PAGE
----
Thursday, June 5, 2014

Wrap It Up: Using Soft Supports For Your Dog

by Susan E. Davis, PT 

It’s all about guiding and empowering you to help your pet avoid injury, provide practical solutions and achieve rapid restoration of health and function!   

External devices such as braces, splints or wraps, may be recommended by a therapist or veterinarian to support your dog’s injured limb or body part after trauma, fracture or surgery.  

Splints or braces (also called “orthotics”) are made by therapists and professional orthotists, based on a number of factors. These devices can be costly and require casting, adjustments, modification, time, etc. They may be your best option, but in many cases you might be able to use a soft wrap support instead.

Wraps do not require cast molds and can be ordered by taking measurements with a ruler or tape measure and submitting a photo &/or video of the dog.

Wraps offer great solutions for support of weakened areas and shock absorption of joints, especially with lighter, smaller-framed dogs. Large dogs can benefit from wraps if only mild support is needed or for use during light activities. Wraps can also be used during sports to add extra protection and provide heat to exercising muscles.

Prefabricated wraps are typically manufactured and sold by commercial pet retailers. 

Pet owners can take simple measurements with a ruler or tape measure and order these products directly.

There are specialized vendors that can fabricate custom wraps for your dog.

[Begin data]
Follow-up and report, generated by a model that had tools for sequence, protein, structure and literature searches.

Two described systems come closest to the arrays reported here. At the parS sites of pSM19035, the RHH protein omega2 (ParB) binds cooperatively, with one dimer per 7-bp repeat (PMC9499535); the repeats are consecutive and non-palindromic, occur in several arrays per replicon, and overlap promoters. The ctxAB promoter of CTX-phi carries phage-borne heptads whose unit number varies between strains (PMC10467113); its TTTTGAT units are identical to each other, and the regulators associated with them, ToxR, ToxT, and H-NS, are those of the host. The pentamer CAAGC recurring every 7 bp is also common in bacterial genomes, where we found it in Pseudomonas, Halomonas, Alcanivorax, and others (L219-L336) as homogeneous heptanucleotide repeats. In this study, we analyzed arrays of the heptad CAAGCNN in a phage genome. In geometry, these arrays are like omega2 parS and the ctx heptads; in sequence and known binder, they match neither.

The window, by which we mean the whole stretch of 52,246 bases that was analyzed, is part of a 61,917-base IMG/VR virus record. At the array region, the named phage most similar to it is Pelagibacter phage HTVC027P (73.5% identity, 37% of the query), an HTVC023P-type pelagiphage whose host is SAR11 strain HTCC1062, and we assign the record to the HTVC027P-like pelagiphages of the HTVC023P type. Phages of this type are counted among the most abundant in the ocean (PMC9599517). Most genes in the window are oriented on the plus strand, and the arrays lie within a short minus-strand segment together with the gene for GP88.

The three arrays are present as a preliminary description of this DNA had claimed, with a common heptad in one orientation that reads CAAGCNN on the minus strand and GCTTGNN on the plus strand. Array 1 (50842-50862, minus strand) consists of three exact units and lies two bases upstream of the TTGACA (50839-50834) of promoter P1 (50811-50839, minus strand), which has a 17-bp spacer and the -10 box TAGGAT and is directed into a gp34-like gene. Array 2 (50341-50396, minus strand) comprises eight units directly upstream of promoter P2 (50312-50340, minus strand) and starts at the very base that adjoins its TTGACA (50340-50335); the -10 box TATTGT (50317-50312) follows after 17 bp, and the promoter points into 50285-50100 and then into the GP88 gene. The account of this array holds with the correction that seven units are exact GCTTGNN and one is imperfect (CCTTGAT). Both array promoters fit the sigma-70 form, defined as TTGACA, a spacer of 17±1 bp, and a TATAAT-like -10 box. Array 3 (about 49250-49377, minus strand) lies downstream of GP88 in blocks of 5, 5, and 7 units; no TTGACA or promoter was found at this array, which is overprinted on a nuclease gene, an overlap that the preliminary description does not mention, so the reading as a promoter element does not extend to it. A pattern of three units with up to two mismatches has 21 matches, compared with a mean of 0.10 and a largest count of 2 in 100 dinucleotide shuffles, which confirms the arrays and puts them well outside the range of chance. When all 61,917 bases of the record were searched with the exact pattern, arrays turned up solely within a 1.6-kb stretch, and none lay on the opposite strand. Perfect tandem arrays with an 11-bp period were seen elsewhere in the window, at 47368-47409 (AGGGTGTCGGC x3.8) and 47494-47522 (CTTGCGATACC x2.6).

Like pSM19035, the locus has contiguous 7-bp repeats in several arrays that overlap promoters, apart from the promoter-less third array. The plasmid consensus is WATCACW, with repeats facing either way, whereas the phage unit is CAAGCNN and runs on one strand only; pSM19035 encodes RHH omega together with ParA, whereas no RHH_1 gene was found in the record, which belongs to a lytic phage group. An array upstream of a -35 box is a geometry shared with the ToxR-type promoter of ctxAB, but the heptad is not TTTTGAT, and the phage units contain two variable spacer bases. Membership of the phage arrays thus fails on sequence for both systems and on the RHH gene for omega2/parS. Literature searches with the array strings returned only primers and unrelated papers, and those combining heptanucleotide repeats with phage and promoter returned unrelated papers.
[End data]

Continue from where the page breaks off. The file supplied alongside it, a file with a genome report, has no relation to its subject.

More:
Custom wraps typically require a veterinarian or therapist to measure and order the product. Wraps are made from specialized fabric and neoprene. They come in light, moderate and heavy weights depending on the amount of support needed. Straps and padding can be added to give additional support or limit movement.

Here are some examples of wraps I have ordered for patients, with good success:

This is a simple home wrap used for a traumatic brachial plexus injury, to support the weakened shoulder and elbow while the nerve regenerated. I used a rolled elastic “Ace” type of bandage.

The wrapping was done in a spiral pattern starting at the wrist and moving upward toward the shoulder, then completed with a full turn around the Boston Terrier’s back as an anchor, and a final turn back down on the limb, and secured with clips.



 



The next case involved the use of Custom Carpal Wraps (wrist and forearm) for a Pit Bull puppy to support weak and unstable joints from congenital Carpus Hyperextension.

The wraps were ordered with mild support, and protected joints while the puppy developed and received PT for strengthening, and functional electrical stimulation. After about 6 months, the pup gained full strength and no longer walked “flat” on his front paws. The wraps preserved health of the joints, to prevent future arthritis.







Here is prefabricated Foot drop bootie to help a dog that was hit by a car and sustained a sciatic nerve injury, resulting in a weakened rear limb with dragging of the paw.

The bootie not only helped to support the hock and paw but also prevented drag abrasions.  This dog attained partial nerve recovery and continued to use the bootie only for leash walks.  He was able to walk indoors without it.  This particular bootie was fairly inexpensive but needed to be replaced after about 5 months.




 


Next is a prefabricated neoprene sling with elbow supports, used for a stocky, slightly overweight Lab with elbow dysplasia on both sides.  It was used outdoor walks during the cold winter months. The neoprene offered warmth, in addition to mechanical shock absorption. This helped the Lab tolerate longer distances comfortably, without limping.

This photo shows a simple Velcro strap, wrapped around a hock of a Golden Retriever, to support a ligament that was involved in a stretch injury.

The relevant feature of this wrap is the slanted, diagonal direction of the final turn of the wrap (also called spiral). This spiral pattern of wrapping offers greater support and prevents impeding blood circulation.